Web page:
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Veloz-Alonso, a citizen of Mexico, entered the U.S. illegally in the 1990s. He was removed in 1997, 1999, and 2008. In 2018, Veloz-Alonso was discovered again and was indicted for illegal reentry. He pleaded guilty and sought release on bail pending sentencing. Under the Bail Reform Act (BRA), a defendant pleading guilty must be detained unless the court finds by clear and convincing evidence that he is not a flight risk or a danger to the community, 18 U.S.C. 3143(a)(1). The government argued that Veloz-Alonso was subject to an order of removal and an ICE detainer, so that, if released, he would be taken into custody, removed, and unable to attend a sentencing hearing. The court granted the motion subject to electronic monitoring and a property lien on his house. The court ordered the government, under threat of contempt, “to refrain from detaining or deporting the Defendant while he is released pending sentencing.” The Sixth Circuit reversed. While deportable aliens are not per se ineligible for bail, the district court incorrectly inferred that an alien released on bail is ineligible for ICE detention. Reading the BRA’s permissive use of release to supersede the Immigration and Naturalization Act’s mandatory detention would be incongruent with canons of statutory interpretation. To the extent that ICE may fulfill its statutory mandates without impairing the purpose of the BRA, there is no statutory conflict. View "United States v. Veloz-Alonso" on Justia Law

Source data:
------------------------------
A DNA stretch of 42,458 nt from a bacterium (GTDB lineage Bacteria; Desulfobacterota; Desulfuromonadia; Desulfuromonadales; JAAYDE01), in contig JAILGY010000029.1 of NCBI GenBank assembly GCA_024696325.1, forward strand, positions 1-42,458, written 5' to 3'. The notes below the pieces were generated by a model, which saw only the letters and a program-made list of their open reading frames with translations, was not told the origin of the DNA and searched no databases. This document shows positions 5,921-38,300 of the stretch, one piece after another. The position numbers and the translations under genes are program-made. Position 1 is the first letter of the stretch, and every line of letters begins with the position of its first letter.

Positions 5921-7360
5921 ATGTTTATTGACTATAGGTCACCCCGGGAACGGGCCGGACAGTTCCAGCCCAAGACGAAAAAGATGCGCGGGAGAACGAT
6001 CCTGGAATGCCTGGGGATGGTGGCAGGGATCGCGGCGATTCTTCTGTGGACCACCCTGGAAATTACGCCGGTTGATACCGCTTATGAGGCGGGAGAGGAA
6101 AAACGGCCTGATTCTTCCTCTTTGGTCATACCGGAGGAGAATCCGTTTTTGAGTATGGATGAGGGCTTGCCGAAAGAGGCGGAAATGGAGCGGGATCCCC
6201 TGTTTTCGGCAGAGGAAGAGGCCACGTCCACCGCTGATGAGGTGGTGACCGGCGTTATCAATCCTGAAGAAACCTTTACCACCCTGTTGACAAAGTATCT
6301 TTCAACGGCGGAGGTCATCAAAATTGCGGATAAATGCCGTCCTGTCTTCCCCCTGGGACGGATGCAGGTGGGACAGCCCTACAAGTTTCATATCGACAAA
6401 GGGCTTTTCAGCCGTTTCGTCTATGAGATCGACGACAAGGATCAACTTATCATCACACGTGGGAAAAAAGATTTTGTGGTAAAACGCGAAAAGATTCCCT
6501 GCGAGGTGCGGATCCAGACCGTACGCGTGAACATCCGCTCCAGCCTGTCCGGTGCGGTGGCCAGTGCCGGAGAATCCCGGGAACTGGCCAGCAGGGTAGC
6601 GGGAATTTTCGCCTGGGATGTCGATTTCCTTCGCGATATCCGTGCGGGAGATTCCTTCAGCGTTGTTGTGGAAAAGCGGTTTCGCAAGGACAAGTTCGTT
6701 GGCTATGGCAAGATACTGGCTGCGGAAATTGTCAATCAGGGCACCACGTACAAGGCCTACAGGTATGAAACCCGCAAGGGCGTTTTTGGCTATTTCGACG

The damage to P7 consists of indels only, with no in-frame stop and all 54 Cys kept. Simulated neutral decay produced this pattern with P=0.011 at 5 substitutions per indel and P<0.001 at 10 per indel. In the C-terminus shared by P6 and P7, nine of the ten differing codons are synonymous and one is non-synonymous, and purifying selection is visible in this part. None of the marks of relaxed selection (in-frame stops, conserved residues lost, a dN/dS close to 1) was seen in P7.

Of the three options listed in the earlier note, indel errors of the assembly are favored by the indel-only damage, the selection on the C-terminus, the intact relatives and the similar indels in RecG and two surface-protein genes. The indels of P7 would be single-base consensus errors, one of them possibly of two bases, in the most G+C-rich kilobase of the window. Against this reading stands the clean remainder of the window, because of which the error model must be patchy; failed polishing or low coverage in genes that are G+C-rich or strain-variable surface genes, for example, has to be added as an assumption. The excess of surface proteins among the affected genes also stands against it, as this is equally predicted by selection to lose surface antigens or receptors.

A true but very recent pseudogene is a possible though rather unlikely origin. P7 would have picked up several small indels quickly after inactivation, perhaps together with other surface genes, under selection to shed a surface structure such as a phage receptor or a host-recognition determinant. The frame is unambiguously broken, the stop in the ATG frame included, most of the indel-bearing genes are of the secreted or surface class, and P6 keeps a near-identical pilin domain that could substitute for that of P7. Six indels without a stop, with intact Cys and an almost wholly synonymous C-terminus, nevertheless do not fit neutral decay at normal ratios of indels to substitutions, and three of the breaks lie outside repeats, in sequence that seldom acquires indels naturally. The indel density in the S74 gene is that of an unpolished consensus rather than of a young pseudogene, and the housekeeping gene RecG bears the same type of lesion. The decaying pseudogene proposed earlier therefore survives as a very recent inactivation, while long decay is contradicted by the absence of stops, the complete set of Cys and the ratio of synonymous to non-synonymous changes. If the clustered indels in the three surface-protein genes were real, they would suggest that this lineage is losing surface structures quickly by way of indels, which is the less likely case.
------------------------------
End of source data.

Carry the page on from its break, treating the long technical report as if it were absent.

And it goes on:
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The Eighth Circuit denied a petition for review of the BIA's decision denying petitioner's motion to reconsider the BIA's previous order denying him a discretionary adjustment of status. The court noted that it had jurisdiction to review the petition for abuse of discretion. The court held that the district court did not abuse its discretion in denying the motion for reconsideration. In this case, the BIA satisfied its obligation to provide a "rational explanation" for its original decision to deny petitioner relief when it denied his motion to reconsider. In this case, the BIA's explanation that it did not violate the clear error standard of review in its weighing of the attempted suicide of one of petitioner's victims qualified as a "rational explanation." View "Camacho v. Whitaker" on Justia Law

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8 U.S.C. 1324(a)(1)(A)(iv) is unconstitutionally overbroad in violation of the First Amendment because it criminalizes a substantial amount of protected expression in relation to the statute's narrow legitimate sweep. Subsection (iv) permits a felony prosecution of any person who "encourages or induces" an alien to come to, enter, or reside in the United States if the encourager knew, or recklessly disregarded the fact that such coming to, entry, or residence is or will be in violation of law. The Ninth Circuit reversed defendant's conviction with respect to the "encourage or induce" counts. The panel affirmed with respect to the mail fraud counts in a memorandum disposition. View "United States v. Sineneng-Smith" on Justia Law